Luna Moth Caterpillar

These bright green full-grown caterpillars are 55 to 70 mm in length. There is a yellowish-white sub-spiracle line on abdominal segments one through seven and posterior yellow lines extending across the dorsum of segments one through seven to just above the level of the spiracles.

A mid-segmental transverse band of setae-bearing scoli occurs on all thoracic segments and abdominal segments one through eight. The body is sparsely covered with short, white, spatulate setae. The head varies from green to brown. Just prior to pupation, caterpillars turn a reddish color.

Early instars differ considerably in appearance from the later instars. Some fifth instars are considerably more setiferous (hairy) than others even among siblings.

A Truly Helpful Caterpillar Identification Chart

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There are several species of caterpillars all around you. A caterpillar identification chart will help you identify and distinguish one caterpillar from the other easily. It will also tell you which caterpillar is not to be tampered with since some of them are poisonous. Read on for enlightenment…..

Did You Know?

The word ‘caterpillar’ was intended to mean ‘hairy like a cat’ or ‘(having) cat hair’. It stems from the Latin words cattus meaning cat, and pelose, meaning hairy.

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Larvae of butterflies and moths are known as caterpillars. Due to the huge array of butterflies and moths, it is natural that there are several varieties of caterpillars too, making their identification difficult. Larvae of other insects such as beetles and sawflies also resemble caterpillars, but the specific term is only used to denote the larvae of butterflies and moths.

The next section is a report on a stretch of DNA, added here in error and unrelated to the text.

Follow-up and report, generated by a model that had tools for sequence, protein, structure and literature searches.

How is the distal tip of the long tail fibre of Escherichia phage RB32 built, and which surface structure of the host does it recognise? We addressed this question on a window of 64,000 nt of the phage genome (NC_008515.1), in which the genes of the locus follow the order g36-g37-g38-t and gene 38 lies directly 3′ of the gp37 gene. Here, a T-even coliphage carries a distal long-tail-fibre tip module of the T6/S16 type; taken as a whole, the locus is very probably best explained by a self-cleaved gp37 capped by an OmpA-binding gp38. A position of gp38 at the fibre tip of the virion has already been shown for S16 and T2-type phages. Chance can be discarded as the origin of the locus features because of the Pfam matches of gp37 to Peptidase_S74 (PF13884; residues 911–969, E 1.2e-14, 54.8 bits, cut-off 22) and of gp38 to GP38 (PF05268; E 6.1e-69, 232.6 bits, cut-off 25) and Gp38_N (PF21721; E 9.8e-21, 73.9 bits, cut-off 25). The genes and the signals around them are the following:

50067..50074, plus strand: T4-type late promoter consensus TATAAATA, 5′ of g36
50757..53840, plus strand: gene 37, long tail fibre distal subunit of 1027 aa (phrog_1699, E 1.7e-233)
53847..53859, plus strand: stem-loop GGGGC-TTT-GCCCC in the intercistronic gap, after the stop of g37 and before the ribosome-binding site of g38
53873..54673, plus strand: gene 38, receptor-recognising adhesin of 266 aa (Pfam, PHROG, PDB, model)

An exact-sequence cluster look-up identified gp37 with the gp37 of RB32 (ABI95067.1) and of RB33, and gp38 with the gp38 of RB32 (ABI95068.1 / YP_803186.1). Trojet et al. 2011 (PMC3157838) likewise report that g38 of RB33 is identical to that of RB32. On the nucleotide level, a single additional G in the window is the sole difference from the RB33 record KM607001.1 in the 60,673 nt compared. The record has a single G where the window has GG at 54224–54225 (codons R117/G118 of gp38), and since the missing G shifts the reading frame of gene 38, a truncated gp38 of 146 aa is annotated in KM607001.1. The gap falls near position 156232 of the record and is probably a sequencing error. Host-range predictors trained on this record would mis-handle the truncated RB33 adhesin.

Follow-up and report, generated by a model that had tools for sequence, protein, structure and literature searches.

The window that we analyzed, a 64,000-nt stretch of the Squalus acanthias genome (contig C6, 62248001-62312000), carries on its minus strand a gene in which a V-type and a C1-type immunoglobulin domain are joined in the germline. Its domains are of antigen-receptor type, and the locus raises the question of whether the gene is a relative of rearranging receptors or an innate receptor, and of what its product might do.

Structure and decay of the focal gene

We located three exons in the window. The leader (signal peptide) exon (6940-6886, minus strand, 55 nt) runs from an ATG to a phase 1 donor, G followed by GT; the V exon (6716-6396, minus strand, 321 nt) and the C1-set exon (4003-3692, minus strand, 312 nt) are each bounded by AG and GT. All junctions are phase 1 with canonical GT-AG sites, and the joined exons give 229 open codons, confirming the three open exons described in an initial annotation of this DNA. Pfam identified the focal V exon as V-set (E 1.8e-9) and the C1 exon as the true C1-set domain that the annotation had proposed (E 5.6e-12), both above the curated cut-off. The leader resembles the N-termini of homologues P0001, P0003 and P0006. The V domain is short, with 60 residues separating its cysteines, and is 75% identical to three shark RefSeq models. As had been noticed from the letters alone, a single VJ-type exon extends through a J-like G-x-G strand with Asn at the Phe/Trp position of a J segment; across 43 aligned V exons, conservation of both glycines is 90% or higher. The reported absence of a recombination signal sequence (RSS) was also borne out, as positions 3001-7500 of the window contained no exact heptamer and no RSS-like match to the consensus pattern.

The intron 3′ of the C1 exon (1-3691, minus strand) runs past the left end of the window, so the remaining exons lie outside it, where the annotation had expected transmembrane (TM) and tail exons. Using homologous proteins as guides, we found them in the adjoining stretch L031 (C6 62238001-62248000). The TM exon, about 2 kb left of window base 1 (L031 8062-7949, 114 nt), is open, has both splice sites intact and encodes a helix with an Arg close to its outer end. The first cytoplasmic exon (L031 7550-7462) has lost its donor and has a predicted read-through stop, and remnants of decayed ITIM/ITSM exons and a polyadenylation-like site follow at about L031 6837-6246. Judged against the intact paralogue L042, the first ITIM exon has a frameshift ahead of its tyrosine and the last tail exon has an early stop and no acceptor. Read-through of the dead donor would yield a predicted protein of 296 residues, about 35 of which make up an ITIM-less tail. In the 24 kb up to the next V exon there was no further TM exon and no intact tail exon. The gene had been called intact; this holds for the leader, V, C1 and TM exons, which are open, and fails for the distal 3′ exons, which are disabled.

Some caterpillars are covered in poisonous hair or spines. The effects of such stings are similar to those of mild bee and wasp stings, but can also cause serious complications. A few of these caterpillars may be found on garden plants, so there is a chance that you have these poisonous caterpillars in your gardens. Therefore, it is imperative that you should be able to identify them correctly.

Some are green, yellow, red, or black; some have stripes, others have spots, some have horns, and some may even have thorns! Caterpillars are vastly different from each other – it is extremely difficult to distinguish between a butterfly larva from a moth larva. Anatomically, though, they all have strong mandibles to chew leaves, up to five pairs of pro-legs, and six simple eyes.